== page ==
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Studies Reveal Real World Benefits of Payday Loans

It is no secret that there are lots of folks and organizations out there that like to drag the payday lending industry through the mud whenever they get the chance. Things have become so bad for some alternative financial providers that some lenders have been forced to close up shop because of some heavy pressure from government initiatives, like Operation Choke Point. It appears, however, that there is some very real proof that there are indeed benefits to payday loans that some people don’t want other folks to know about. Two new studies on the payday lending industry cast a new, more positive light on the industry as a whole. A Law Professor from Columbia, Ronald Mann, came to some very interesting conclusions in his most recent study. Here’s just a little bit of what Professor Mann’s study revealed about the short term lending industry: The study proved that credit ratings changes for people who default on payday loans are not all that much different from the credit score changes that responsible borrowers have. The decline in credit score in the year that a borrower defaults greatly exaggerates the final effect of the actual loan default. This is because the credit scores for folks who default on their loans typically experience very large increases for more than 24 months after the year that they defaulted on their loans. In other words, the payday loan default is not to blame as the ultimate cause for certain borrowers’ financial problems. This is usually because the borrowers who do not pay their payday loans back usually have dealt with other financial problems in the past that caused their credit scores to decrease. This all goes on to suggest that defaulting on a payday loan plays a very small part in the complete timeline of distress that default borrowers experience. It is hard to bring all of this into line with the improvements that the improvements to borrowers’ financial situations come from the ‘ability to repay’ requirements that are factored into every payday loan that is provided by short term lending companies. In a… Read More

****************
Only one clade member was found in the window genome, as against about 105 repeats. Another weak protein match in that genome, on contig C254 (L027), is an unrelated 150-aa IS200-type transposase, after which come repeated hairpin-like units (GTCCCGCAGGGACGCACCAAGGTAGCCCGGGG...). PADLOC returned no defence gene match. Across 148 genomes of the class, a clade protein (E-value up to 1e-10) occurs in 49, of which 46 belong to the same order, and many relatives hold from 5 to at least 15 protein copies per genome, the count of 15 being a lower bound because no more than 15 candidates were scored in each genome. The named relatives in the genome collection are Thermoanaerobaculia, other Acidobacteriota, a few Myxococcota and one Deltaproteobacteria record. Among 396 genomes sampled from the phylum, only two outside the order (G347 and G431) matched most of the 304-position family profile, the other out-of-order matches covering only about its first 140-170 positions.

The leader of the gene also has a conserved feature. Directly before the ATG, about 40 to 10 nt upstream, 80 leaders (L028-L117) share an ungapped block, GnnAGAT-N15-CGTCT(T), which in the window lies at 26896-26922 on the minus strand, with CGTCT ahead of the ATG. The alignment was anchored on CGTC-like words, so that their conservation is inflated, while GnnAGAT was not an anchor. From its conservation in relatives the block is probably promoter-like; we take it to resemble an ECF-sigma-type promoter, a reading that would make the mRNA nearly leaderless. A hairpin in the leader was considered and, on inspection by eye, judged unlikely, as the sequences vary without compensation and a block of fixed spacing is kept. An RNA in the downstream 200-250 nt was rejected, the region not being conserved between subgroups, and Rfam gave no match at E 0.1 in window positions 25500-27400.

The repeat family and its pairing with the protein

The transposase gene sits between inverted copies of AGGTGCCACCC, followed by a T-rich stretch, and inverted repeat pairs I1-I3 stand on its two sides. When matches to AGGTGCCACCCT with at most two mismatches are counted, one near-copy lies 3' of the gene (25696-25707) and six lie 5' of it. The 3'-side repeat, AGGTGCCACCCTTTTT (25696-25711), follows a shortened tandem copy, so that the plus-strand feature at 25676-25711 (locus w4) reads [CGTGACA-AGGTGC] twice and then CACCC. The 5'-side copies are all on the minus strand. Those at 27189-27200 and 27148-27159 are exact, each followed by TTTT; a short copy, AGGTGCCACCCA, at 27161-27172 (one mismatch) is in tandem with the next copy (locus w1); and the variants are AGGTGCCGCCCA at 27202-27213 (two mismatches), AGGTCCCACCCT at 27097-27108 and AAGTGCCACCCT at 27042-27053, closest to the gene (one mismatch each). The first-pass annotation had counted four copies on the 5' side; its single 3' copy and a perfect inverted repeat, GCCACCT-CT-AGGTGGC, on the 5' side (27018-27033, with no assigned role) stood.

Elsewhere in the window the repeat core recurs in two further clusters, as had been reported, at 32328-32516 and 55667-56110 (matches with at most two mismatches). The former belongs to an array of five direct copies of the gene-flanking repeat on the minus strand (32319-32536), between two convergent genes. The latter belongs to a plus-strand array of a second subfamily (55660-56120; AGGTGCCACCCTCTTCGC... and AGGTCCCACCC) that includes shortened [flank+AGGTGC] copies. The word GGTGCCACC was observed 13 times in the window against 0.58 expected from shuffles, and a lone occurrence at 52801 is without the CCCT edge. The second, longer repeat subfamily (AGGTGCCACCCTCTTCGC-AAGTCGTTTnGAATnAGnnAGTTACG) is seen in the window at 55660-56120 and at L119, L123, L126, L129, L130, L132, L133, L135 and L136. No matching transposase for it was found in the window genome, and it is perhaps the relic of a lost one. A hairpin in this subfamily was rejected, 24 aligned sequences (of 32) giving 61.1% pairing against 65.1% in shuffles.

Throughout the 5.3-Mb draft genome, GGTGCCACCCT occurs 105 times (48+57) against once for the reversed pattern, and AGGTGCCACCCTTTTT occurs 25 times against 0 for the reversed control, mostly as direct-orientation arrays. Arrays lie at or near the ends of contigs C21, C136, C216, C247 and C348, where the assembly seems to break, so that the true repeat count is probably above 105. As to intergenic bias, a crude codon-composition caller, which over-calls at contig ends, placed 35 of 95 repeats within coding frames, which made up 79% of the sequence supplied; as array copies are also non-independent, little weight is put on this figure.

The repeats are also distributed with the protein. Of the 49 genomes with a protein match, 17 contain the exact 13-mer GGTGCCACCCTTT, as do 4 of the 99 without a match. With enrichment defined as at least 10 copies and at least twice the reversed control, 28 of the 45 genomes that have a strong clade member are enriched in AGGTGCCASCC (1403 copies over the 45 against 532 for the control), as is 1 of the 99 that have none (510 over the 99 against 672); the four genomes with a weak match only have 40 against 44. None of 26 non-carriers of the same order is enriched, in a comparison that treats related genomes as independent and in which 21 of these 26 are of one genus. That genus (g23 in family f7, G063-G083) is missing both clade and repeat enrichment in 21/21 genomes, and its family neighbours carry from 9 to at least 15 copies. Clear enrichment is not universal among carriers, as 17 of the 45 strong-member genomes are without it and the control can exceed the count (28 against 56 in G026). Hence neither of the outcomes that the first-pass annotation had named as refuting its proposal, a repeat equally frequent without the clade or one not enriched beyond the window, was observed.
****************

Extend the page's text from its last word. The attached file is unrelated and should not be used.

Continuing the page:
Tips for Home Buyers with Bad Credit

Every prospective home buyer has a few financial concerns to think about prior to shopping around for a new home. It all starts off with getting prequalified for a loan. This step allows lenders to review your financial history and health. After that, borrowers can begin the process of submitting loan applications, so lenders can get a more in depth history of the purchaser’s financial situation. Lenders will almost always offer the best loans and lowest interest rates to home buyers who pose the lowest risk. Credit scores vary from just 300 to 850, with 850 representing the lowest level of risk. Anyone with a credit score lower than 620 may find that it is difficult to qualify for a mortgage. Don’t lose hope, though, as there are some lenders that specialize in providing mortgage loans to people with low credit scores. If you are planning on purchasing a home soon, but worry about your credit score, here are some tips to help you along your way. Get Your Finances Stabilized Prior to Shopping for a New Home It is a good idea to avoid any major financial changes for about two years prior to purchasing a new home. Lenders are apt to be more comfortable with loaning money to borrowers with low credit scores, if those borrowers have a stable income, up to date bill payments and a stable employment situation. Start Saving Money Now for a Big Down Payment The lenders that provide loans to people with bad credit scores assume that these loan seekers will provide large down payments. It is a good idea to have around 20 percent of the purchase price of your home saved up for a down payment. If you can save more, do so, as you may need additional funds for home inspections, loan closing fees and other expenses that pop up when you get around to actually closing on your loan. Pay Down Your Debts and Keep them Paid Down Lenders will often look at your debt to income ratio when they are looking at your loan application. Debt to income… Read More

The CFPB Issues Proposed Rules for Prepaid Financial Products